Once you have identified your own style, as well as numerous others, you will need to gather your greatest designs to place in a professional looking portfolio.

To put it frankly, whether or not a business will give you a shot is ultimately defined by the art in your portfolio.

If your work is not good enough, all they have to do is look at your drawings to decide that they don’t want you. Each and every design will need to be as great as you can possibly make them in order to catch the attention of a professional artist.

Each sketch must be fully completed before being placed in a plastic sleeve, carefully enclosed inside a neat black folder.

The effort you put into the arrangement of your portfolio will make all the difference, because the tattoo artists you show it to will be able to make the distinction between a great portfolio, and a poor one. You want yours to be the best they will ever lay eyes on.

Tattoo Apprenticeship

Research Tattoo Artists In Your Area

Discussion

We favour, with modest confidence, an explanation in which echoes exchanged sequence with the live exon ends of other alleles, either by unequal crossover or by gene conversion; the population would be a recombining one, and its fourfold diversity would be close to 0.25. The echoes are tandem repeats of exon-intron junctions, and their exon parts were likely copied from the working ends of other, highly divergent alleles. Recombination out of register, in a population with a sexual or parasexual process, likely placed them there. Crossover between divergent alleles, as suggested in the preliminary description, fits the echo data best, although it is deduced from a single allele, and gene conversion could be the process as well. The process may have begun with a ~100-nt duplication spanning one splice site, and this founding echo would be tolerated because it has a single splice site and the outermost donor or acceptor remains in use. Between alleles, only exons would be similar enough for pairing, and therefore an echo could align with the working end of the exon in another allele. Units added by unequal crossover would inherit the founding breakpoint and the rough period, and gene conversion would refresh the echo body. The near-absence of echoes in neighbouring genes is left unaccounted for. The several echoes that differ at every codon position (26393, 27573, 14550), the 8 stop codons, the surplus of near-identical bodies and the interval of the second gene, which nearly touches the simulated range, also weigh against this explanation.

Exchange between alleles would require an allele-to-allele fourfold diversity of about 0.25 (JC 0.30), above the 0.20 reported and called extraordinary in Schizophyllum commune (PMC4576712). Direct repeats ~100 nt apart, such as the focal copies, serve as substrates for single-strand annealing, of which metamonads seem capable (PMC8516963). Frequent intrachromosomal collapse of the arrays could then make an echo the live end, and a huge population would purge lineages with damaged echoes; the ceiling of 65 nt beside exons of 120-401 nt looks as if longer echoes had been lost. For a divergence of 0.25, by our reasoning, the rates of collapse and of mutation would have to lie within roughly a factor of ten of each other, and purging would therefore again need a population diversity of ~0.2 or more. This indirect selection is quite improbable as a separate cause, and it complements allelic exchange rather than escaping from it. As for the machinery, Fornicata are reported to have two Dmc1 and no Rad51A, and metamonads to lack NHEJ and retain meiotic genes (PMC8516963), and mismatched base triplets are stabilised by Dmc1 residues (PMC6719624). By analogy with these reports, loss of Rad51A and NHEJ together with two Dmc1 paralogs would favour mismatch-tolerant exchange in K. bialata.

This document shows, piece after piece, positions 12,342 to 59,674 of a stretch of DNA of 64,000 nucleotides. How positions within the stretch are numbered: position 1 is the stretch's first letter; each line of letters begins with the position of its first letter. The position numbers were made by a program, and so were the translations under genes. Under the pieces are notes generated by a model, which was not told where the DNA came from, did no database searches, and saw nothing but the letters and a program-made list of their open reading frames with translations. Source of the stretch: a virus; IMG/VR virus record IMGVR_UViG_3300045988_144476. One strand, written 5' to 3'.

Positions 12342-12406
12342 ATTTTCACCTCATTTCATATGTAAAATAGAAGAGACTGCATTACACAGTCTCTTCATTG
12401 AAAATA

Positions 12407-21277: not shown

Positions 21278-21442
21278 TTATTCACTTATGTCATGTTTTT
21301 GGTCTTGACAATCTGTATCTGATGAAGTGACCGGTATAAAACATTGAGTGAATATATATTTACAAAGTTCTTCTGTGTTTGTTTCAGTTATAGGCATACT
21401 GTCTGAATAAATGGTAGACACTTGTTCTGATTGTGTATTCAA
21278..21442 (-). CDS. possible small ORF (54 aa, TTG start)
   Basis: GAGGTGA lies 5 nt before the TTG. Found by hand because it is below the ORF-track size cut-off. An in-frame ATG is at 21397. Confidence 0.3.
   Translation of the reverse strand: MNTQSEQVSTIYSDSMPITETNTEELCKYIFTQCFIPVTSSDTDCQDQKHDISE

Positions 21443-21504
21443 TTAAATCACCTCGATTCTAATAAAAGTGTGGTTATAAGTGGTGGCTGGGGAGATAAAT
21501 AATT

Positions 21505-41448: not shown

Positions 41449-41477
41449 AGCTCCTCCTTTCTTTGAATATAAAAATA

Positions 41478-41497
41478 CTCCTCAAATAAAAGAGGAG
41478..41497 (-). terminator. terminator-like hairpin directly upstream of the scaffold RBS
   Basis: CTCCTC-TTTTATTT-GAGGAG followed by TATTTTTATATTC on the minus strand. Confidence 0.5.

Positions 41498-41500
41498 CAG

Even though you’re eager to get started as a tattoo artist, you do not want to rush the scouting process.

It cannot be overstated how important it is to do your homework on the artists before agreeing to become their apprentice, especially if they are charging a fee up front.

You will not be able to tattoo well if you are taught by someone who cannot tattoo well. As a result, no one will want to hire you in the future, and the whole process will have been in vain.

You need a mentor who is not only good at what they do, but is excellent at it.

Research each artist by checking out their social media: not only will you have access to the quality of their art, but people will also be posting reviews in the comments.

It’s also a smart idea to check out reviews for their shop overall. Be as thorough with your research as possible.

Meet Up With A Tattoo Artist In Person

Once you have found a couple of options when it comes to tattoo artists that you would like to work with, you may think that it would be a good idea to message them through their social media accounts.

Do not do this.

According to several artists, this is the worst way to contact them if asking for an apprenticeship. It will make you seem lazy and unbothered, simply clicking a few buttons and asking for their advice.